• Removing parameter and return type inferencing

This I’m skeptical about as a whole lot of the niceness of crystal lies in the ergonomics, and not having to specify types in these places add very much to that. There are also some places where return types in the crystal src dir have intentionally not been added as they was too restrictive or complex.

  • Replacing require

This, I wouldn’t mind as much, as the amount of requires is not all that high anyhow, and also doesn’t impact coding flow very much. Also, the way require work is one of the weaker parts of ruby anyhow. Not certain if I’d prefer to state dependencies on a file by file basis or in a central place for each app target/shard.

What I wonder about though is if there would be anything to gain by doing partial type checking first?
That is, parse and type as much of a file as possible, and then record what needs to be filled in later by other files. This added step would be very cacheable, as if a file hasn’t changed the partial type check would stay the same. To resolve the unknowns two files (or whatever the unit would be - it is not obvious it should be source files, it could perhaps also be depend on just a single method definition inside a file?) would be unified, based on the dependency chart. The unification of two entities could also be a partial and cached, if either depends on something else.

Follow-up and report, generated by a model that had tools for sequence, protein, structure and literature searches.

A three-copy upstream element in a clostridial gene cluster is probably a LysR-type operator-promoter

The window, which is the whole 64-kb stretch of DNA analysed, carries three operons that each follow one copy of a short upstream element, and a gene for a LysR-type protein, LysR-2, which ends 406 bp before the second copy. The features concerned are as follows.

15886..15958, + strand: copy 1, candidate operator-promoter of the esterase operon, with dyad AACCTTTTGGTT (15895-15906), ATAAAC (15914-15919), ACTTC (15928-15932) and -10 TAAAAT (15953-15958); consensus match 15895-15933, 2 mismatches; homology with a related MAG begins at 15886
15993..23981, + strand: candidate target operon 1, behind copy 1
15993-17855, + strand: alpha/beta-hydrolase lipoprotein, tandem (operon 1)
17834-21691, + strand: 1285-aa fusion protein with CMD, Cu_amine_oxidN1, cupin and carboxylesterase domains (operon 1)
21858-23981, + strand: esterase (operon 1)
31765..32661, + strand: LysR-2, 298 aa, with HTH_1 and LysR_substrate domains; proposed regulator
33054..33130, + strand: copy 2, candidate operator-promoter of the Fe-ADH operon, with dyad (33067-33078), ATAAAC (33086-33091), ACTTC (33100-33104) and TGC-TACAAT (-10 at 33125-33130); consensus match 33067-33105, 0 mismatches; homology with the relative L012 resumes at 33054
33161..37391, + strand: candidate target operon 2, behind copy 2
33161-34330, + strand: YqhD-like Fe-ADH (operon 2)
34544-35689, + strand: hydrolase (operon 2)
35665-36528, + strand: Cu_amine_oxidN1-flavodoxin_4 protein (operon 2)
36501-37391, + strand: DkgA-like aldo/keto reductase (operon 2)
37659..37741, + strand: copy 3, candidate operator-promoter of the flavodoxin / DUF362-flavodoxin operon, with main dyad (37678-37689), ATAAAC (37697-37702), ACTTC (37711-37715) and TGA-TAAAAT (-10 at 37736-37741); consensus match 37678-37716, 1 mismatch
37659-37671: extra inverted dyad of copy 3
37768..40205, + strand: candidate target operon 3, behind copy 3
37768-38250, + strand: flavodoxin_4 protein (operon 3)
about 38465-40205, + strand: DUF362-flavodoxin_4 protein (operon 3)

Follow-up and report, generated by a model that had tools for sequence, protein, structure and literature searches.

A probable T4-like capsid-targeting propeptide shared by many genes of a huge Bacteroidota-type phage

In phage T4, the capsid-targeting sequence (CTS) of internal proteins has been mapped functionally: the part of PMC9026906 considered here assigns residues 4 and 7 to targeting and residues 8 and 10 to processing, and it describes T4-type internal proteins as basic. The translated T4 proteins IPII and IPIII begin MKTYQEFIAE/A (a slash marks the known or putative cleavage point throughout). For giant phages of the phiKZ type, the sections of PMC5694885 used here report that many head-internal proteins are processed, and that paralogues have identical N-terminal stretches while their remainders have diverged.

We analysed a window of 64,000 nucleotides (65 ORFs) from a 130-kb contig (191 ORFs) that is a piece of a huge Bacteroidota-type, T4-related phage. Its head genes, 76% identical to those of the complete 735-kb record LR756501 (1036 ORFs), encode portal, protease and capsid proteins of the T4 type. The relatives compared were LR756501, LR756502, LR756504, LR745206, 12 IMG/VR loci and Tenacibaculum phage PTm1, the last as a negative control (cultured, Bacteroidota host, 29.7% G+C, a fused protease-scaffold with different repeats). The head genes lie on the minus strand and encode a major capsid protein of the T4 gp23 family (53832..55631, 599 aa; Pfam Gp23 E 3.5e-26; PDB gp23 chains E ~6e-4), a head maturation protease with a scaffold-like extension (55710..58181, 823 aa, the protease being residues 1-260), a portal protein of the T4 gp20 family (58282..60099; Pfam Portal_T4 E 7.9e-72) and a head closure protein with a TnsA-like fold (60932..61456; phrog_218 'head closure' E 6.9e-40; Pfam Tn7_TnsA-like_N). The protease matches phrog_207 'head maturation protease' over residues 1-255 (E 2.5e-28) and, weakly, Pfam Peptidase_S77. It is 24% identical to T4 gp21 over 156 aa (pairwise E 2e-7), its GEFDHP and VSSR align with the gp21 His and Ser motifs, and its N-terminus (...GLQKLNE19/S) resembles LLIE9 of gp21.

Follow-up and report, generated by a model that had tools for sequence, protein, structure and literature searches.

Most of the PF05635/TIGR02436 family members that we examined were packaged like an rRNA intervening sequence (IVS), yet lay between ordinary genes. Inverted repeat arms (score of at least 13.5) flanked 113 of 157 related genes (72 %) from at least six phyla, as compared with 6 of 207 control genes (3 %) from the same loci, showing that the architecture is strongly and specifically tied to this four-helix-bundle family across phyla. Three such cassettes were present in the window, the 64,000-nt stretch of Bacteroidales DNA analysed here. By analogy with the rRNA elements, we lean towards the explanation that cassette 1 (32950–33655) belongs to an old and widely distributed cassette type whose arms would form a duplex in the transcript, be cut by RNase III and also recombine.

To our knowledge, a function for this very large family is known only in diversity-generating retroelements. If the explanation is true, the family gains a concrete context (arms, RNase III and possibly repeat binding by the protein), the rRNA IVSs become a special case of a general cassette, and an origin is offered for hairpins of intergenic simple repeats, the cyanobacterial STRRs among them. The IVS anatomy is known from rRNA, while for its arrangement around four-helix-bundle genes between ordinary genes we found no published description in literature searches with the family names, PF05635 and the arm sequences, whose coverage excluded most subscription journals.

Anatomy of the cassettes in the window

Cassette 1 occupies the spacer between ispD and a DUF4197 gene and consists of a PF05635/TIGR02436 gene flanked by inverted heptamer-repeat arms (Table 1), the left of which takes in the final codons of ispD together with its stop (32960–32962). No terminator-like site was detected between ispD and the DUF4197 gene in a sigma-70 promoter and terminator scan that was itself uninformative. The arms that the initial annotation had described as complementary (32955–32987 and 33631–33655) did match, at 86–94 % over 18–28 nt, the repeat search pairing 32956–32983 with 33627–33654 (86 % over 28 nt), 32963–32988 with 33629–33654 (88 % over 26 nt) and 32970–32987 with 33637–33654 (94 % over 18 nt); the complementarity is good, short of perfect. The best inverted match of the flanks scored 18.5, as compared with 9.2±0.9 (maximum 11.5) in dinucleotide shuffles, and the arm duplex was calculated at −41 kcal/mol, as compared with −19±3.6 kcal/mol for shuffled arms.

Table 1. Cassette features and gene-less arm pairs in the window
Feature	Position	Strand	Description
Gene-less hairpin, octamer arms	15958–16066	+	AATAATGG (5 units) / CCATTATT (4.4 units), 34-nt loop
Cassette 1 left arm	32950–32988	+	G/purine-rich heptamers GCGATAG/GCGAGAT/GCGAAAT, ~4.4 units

Pros:

  • In theory, both the initial partial parse and any unifications should be possible to both cache and parallelize to a degree that depend on how the dependency chart looks like.
  • core and stdlib could come pre-unified as far as possible out of the box

Cons

  • Not obvious how to represent two arbitrary unified pieces of code in a way that is both repeatable and where the cache will be busted if any dependency is changed.
  • Not certain it is a con but it would mean not only what is called would be type checked.
  • Monkey patching might get even harder to reason about as there either need to be some sort of cache invalidation or possible to unify into something that modifies an earlier result as opposed to just extend it.
  • Nothing says it would actually be faster - it would be another step added and it is potential caching and parallelization that would give speedups. But how much would have to be done in sequence anyhow? There would definitely be more work that needs to be done.
  • Finding good sized chunks to parallelize and how to prioritize what to do first could also be hard?